The Barnstable Town Council last night took another step toward coming to grips with the possible implications of a new state law that legalizes medical marijuana.
Council president Debra S. Dagwan of Hyannis and councilor Ann B. Canedy of Barnstable Village proposed a temporary moratorium in town on the establishment and permitting of medical marijuana treatment centers and facilities.
The moratorium would stay in effect through January 1, 2014 or until 90 days after the effective date of final regulations promulgated by the state Department of Public Health relating to the new law, whichever comes first.
In the November elections, Massachusetts voters approved a ballot initiative that legalized medical marijuana in the state as of Tuesday.
The council last night unanimously voted to forward the proposed moratorium to the Barnstable Planning Board for a hearing.
According to a rationale accompanying the proposal, the moratorium is intended “to allow the town sufficient time to engage in a planning process to address the direct and secondary effects of siting such centers in the town and to enact zoning amendments in a manner consistent with sound land use planning goals and objectives.”
In a related step taken December 7, the town council forwarded to the planning board for a public hearing a proposed zoning ordinance that would restrict medical marijuana dispensaries to a district in the eastern section of Hyannis near Cape Cod Hospital.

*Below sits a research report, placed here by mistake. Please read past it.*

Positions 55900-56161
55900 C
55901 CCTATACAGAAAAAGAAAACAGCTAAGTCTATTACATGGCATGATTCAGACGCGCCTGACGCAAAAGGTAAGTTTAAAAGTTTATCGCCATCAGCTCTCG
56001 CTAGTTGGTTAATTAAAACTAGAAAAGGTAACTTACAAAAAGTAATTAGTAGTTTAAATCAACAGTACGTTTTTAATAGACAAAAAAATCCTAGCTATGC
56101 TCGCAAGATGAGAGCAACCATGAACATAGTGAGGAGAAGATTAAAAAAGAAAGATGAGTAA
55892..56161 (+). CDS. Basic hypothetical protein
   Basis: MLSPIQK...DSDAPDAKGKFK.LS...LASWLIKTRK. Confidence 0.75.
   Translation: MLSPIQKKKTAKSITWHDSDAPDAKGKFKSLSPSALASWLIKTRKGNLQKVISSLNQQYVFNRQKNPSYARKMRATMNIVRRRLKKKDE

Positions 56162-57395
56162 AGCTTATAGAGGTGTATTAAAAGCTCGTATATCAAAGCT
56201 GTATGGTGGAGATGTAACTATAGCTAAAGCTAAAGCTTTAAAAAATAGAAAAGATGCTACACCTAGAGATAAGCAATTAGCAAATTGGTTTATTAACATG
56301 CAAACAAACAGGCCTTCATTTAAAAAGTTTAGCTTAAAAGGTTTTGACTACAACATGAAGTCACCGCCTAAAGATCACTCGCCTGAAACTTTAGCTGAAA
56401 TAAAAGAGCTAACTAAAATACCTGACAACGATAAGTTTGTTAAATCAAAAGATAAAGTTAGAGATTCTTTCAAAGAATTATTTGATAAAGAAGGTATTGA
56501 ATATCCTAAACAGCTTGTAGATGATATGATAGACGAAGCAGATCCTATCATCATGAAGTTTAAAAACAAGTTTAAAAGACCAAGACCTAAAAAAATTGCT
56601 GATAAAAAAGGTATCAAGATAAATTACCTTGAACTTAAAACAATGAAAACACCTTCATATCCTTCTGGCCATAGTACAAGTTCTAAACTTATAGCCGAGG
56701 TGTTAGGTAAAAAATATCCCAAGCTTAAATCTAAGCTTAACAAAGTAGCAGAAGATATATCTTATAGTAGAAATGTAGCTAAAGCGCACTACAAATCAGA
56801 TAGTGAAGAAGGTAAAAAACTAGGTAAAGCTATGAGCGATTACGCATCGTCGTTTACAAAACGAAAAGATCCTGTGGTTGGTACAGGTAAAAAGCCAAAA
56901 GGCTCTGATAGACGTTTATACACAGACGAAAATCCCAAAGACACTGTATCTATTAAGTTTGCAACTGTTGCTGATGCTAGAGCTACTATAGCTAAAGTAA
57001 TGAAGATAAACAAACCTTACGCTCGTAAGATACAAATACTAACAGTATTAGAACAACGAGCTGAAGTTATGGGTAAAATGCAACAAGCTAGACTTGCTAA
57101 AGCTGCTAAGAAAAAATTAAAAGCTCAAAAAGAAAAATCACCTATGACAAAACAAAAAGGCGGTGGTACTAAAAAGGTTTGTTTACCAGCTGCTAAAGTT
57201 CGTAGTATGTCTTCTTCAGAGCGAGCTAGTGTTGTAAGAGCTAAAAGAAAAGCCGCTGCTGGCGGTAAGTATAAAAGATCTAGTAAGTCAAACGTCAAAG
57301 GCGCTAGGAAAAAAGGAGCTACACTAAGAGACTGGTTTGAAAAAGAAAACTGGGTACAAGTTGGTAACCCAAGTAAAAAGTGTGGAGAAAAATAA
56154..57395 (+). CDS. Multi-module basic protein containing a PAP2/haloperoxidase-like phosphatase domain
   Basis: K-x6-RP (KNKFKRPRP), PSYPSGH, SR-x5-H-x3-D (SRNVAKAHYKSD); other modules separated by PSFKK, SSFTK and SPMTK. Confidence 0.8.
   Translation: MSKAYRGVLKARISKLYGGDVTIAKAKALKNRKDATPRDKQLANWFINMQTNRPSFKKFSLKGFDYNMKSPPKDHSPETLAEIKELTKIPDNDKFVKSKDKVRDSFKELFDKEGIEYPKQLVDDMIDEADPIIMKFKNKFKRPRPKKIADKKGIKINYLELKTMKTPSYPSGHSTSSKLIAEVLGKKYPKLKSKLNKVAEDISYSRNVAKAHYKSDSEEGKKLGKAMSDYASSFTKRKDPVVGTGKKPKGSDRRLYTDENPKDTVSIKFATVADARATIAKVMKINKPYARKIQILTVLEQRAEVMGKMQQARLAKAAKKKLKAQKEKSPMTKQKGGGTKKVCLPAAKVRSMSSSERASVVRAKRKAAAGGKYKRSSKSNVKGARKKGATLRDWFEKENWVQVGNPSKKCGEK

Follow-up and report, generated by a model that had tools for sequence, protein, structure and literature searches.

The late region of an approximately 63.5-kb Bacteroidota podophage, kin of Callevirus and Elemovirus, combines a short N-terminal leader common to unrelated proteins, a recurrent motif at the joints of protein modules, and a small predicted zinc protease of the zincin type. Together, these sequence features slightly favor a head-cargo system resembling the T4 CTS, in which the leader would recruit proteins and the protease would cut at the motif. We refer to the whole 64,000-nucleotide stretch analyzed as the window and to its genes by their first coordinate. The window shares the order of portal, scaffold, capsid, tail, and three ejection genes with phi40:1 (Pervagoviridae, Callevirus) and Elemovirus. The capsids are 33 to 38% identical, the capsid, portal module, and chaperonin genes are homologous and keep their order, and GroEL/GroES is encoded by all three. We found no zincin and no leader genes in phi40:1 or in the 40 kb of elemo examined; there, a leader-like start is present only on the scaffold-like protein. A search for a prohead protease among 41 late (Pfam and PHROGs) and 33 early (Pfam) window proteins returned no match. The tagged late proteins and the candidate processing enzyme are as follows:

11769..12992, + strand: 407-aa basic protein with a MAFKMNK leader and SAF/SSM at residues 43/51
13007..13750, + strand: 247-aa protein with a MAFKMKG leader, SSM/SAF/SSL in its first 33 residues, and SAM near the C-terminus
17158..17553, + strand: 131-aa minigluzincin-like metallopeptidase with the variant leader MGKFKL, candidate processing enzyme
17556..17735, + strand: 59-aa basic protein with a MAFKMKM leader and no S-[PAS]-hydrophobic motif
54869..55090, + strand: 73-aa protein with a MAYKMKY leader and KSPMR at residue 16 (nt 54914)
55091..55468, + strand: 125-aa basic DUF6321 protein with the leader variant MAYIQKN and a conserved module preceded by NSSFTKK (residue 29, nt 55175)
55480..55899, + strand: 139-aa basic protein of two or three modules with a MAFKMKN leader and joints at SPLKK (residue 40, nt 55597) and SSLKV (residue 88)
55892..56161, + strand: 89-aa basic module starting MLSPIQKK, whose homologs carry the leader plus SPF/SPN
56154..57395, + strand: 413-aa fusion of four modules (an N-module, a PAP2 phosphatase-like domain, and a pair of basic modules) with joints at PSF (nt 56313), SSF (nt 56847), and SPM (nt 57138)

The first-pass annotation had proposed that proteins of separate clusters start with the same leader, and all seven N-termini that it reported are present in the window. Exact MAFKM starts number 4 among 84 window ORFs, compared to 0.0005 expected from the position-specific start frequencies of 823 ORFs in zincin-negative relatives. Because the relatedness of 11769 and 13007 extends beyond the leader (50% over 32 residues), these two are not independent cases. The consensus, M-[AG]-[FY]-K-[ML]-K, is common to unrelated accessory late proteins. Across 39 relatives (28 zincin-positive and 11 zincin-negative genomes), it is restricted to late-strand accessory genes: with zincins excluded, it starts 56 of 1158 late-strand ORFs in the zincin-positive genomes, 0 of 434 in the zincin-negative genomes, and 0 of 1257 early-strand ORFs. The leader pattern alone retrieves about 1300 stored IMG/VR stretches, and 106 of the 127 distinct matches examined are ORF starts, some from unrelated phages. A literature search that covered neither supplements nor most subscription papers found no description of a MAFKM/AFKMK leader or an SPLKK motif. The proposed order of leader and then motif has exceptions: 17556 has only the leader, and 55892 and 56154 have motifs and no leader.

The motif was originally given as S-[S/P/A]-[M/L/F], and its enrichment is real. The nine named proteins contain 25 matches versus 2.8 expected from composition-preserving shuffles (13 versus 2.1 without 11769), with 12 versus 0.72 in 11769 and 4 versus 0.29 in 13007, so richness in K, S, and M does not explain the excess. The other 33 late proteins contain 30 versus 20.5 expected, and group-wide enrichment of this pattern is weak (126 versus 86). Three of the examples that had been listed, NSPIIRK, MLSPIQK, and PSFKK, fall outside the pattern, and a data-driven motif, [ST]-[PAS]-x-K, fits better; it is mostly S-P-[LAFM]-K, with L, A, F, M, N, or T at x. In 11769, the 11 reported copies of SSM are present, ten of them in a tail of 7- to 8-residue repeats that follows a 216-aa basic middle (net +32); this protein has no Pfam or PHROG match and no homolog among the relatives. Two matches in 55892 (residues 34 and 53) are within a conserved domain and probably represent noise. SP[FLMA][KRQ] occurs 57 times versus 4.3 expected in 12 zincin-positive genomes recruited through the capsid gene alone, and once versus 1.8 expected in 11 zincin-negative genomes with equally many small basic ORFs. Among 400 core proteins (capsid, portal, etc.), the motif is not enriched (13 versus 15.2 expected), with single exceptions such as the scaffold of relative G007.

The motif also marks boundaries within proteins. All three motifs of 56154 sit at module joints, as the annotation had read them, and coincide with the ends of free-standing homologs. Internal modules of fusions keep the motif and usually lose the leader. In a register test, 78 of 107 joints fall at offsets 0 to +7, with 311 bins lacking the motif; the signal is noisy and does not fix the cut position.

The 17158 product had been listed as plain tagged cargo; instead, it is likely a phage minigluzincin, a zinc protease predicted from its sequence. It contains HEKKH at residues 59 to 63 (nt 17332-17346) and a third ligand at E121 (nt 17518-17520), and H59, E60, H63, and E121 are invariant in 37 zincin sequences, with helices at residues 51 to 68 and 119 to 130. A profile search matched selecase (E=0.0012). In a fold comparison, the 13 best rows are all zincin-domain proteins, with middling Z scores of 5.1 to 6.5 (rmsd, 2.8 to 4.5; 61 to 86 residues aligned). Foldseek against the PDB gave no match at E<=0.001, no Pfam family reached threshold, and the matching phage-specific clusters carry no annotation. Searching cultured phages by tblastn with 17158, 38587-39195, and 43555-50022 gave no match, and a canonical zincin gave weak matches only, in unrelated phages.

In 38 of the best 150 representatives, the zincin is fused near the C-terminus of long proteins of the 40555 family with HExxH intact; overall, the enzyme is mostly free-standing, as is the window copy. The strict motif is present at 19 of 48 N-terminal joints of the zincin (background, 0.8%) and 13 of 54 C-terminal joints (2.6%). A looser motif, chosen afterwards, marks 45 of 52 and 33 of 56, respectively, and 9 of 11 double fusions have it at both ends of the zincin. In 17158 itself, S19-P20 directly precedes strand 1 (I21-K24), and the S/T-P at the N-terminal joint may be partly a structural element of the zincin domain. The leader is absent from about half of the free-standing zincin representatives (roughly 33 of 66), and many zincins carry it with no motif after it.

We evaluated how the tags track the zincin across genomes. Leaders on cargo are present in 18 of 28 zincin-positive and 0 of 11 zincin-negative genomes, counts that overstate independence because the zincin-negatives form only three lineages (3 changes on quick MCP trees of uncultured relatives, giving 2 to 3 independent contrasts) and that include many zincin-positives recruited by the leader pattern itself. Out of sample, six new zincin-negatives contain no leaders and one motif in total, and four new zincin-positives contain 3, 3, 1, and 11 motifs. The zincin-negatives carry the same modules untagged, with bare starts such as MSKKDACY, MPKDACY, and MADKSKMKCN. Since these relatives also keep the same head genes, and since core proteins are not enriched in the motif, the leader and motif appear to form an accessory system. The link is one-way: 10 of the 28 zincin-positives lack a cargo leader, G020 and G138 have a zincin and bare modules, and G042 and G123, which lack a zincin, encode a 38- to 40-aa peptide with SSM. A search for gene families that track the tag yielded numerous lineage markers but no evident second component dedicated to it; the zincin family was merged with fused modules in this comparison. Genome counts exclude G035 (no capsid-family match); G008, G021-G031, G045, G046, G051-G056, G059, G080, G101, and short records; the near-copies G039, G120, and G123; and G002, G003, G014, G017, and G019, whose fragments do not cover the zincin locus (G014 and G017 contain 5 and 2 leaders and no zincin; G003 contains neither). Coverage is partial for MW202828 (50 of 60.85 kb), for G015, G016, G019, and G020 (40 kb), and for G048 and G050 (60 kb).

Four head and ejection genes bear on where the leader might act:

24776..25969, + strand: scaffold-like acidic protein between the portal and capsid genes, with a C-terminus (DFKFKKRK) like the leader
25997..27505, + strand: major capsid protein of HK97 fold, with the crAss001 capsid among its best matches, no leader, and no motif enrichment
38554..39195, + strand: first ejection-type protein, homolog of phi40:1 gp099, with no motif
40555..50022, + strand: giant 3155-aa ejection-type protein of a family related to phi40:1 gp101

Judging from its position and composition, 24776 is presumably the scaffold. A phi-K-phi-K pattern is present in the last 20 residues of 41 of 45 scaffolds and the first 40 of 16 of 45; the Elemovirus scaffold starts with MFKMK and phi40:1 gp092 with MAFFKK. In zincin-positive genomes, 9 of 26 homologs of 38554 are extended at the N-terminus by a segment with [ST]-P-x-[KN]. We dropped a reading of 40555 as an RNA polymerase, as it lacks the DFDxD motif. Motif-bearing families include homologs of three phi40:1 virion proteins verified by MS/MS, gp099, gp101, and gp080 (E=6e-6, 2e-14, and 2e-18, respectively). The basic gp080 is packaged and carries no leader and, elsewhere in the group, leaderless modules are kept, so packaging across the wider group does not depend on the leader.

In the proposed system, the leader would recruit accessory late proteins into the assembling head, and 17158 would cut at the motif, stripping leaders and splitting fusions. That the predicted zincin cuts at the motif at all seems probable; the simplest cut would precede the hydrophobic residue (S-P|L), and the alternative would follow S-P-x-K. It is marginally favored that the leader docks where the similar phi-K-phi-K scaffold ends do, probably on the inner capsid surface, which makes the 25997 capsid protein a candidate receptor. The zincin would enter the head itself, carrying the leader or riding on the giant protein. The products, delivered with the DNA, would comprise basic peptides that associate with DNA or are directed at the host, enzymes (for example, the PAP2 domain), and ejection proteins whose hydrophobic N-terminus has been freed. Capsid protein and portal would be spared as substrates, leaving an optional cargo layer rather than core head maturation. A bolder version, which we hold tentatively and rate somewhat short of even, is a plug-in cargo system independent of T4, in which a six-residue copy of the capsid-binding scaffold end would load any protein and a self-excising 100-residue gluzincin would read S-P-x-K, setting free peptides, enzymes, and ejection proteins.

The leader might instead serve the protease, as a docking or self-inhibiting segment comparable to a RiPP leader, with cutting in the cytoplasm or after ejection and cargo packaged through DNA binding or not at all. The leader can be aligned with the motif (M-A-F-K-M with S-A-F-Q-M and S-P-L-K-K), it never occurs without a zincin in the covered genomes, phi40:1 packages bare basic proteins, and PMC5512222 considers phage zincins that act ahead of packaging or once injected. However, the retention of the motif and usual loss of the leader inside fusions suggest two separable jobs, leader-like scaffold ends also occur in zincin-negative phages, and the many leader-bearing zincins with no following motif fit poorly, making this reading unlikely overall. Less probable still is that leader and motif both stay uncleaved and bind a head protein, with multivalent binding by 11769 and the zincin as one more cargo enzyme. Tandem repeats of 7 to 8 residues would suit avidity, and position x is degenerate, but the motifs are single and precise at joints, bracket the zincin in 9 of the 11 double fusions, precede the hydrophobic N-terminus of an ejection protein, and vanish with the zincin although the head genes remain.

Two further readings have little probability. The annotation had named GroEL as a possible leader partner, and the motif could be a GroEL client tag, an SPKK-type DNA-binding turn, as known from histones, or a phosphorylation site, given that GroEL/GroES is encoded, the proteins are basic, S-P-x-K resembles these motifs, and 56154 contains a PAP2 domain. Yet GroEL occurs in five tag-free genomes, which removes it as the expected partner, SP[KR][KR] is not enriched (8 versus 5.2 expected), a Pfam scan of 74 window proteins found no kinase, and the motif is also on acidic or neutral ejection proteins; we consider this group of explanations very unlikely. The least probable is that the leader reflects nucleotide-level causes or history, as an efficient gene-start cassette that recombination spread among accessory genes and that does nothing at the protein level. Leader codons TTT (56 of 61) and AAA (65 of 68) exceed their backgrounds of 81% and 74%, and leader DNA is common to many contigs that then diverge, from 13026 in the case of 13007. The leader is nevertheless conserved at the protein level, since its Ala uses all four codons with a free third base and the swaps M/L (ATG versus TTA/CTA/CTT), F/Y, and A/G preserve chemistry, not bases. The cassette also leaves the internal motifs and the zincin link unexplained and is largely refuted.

Also at last night’s meeting, the board voted unanimously to amend town zoning concerning the protection of historic properties in the town.
The amendment extends the potential delay for an applicant who wishes to demolish a historic structure from six to 18 months.
The intent of extending the potential delay is engage owners of historic resources in the process of preserving those buildings and structures, according to the sponsor of the measure, council vice president Jessica Rapp Grassetti of Cotuit.
Ms. Rapp Grassetti also is chairman of the Barnstable Historical Commission, the town board that hears applications to demolish historic structures.
Ms. Canedy said she believed that the proposed 18-month delay was too long and could pose economic difficulties for some owners.
She proposed amending the measure to allow for up to a 12-month delay.
But the council voted 9-4 against that amendment, with councilors Canedy, John T. Norman of Marstons Mills, Tom Rugo of Centerville and James M. Tinsley Jr. of Hyannis on the losing side.
The council proceeded to vote unanimously for the zoning amendment proposed by Ms. Rapp Grassetti.